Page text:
Though inherently unpredictable, storms are a profit center for the roofing industry and have been critical to roofing contractors' bottom lines in many markets in recent years.
With much of the concerns over the supply chain behind them — and a solid start to this year’s storm season already underway — roofers and distributors are looking forward to brisk business in the upcoming months.
Much of that anticipated business depends on how the market reacts to the El Niño weather pattern, analysts say. The National Oceanic and Atmospheric Administration officially declared the La Niña season — when ocean temperatures are cooler than normal — officially over after two years in March. Forecasters expect a transition period through early summer before El Niño conditions, when warmer ocean temperatures circulate, creating more precipitation and warmer weather throughout the season — and into the winter — develop.
“This spring has been an incredibly active storm season with above-average hail and wind damage across the country,” said Allan York, senior vice president and general manager of construction with EagleView Technologies. “While we are ready to support hurricane season, our team predicts El Niño will make 2023 a less severe hurricane season than 2022.”
Hurricane Ian’s Hangover
While roofing contractors may have dealt with fewer hailstorms in Tornado Alley or experienced less severe weather along the coasts last year, one particular storm punctuated the entire storm season.
Hurricane Ian struck Florida’s west coast in late September with winds nearly reaching 160 mph and a life-threatening storm surge that forced widespread evacuations in multiple states before dissipating about a week later. According to official reports, the Category 4 storm caused 152 deaths and an estimated $113 billion in damage, making it the third-costliest storm on record.
In Florida alone, more than 2 million people were without power for weeks, and roofing contractors had their work cut out for them trying to respond. Many that came from out of state to meet the need established long-term plans to stay given the scope of the work and demand for materials.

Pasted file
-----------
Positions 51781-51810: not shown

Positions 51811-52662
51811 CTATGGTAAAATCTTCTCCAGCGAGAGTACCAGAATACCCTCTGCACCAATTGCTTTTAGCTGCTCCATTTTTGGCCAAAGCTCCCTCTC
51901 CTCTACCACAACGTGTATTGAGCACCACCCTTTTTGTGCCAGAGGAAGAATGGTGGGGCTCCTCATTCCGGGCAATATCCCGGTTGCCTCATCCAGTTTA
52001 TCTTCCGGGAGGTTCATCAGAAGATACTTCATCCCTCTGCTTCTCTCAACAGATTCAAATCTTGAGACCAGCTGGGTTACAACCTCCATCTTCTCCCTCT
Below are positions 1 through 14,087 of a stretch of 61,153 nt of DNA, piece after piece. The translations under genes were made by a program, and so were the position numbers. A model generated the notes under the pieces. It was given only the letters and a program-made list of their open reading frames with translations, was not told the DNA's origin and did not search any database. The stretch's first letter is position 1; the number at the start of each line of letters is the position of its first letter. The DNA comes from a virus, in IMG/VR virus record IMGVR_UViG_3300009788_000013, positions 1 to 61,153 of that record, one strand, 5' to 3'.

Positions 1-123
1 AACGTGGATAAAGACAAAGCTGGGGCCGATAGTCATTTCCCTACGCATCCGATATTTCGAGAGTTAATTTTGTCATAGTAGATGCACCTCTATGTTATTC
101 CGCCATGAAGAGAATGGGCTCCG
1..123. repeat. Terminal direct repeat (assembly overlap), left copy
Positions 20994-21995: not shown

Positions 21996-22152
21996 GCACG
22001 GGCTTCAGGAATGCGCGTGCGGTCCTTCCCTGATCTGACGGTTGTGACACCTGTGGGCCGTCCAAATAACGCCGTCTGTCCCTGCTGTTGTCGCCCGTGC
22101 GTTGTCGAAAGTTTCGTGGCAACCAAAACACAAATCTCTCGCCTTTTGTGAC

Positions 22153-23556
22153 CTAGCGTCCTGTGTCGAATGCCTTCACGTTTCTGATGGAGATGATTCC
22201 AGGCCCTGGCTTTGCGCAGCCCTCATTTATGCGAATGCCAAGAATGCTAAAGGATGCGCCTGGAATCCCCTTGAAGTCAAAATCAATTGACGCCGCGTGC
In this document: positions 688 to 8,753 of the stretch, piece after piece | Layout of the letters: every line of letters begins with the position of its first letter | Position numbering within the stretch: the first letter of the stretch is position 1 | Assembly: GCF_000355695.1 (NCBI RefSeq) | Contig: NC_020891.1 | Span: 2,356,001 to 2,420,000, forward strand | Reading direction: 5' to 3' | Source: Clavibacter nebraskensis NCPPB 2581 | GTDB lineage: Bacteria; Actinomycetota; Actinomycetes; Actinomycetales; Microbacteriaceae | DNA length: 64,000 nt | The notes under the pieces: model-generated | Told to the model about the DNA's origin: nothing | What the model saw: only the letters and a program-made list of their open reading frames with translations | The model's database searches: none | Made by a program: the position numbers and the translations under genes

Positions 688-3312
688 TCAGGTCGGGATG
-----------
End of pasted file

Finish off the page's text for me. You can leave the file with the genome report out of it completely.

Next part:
“Hurricanes are tough situations to deal with, but that particular storm is a different dynamic,” said Brad Resch, president of Gulfeagle Supply.
Headquartered in Tampa, Fla., and with several of its 110 branches in the Sunshine State, Resch has kept a close eye on the recovery process, noting it is far from over. He described that many uninhabitable buildings and debris are still being cleared, and some businesses have not — and likely may not — return.
While repairs continue in Florida, one positive Resch sees is that concerns over material availability before this year’s hurricane season are fairly low.
“Let's face it, when a storm hits, we get busy, and we max our capacity, and we only have so many trucks, so much material, and … so many contractors,” he said. “I haven’t seen that the storms in some of the markets we’re in have dramatically affected demand yet; maybe that will show itself in the months to come, but it has not in the short term.”
A before-and-after shot of Calcasieu Parish, La., from Hurricane Laura.
Image courtesy of EagleView.
However, the rapidly changing nature of storms means that material demand may change quickly, sometimes with even just one extreme weather event. The team at Houston-based Stellar Commercial Roofing knows that well.
Built off of jobs generated by the record number of damaging hailstorms throughout Texas in 2011, Stellar’s national sales team had to change focus from its traditional business model due to a dearth of severe storms in 2021. While damaging hail was less prevalent, hurricane season still proved busy.
Stellar officials said the company leveraged the ferocity of Hurricane Ida that struck Louisiana in late August 2021 with its new approach, which turned into one of the company’s most successful years, revenue-wise.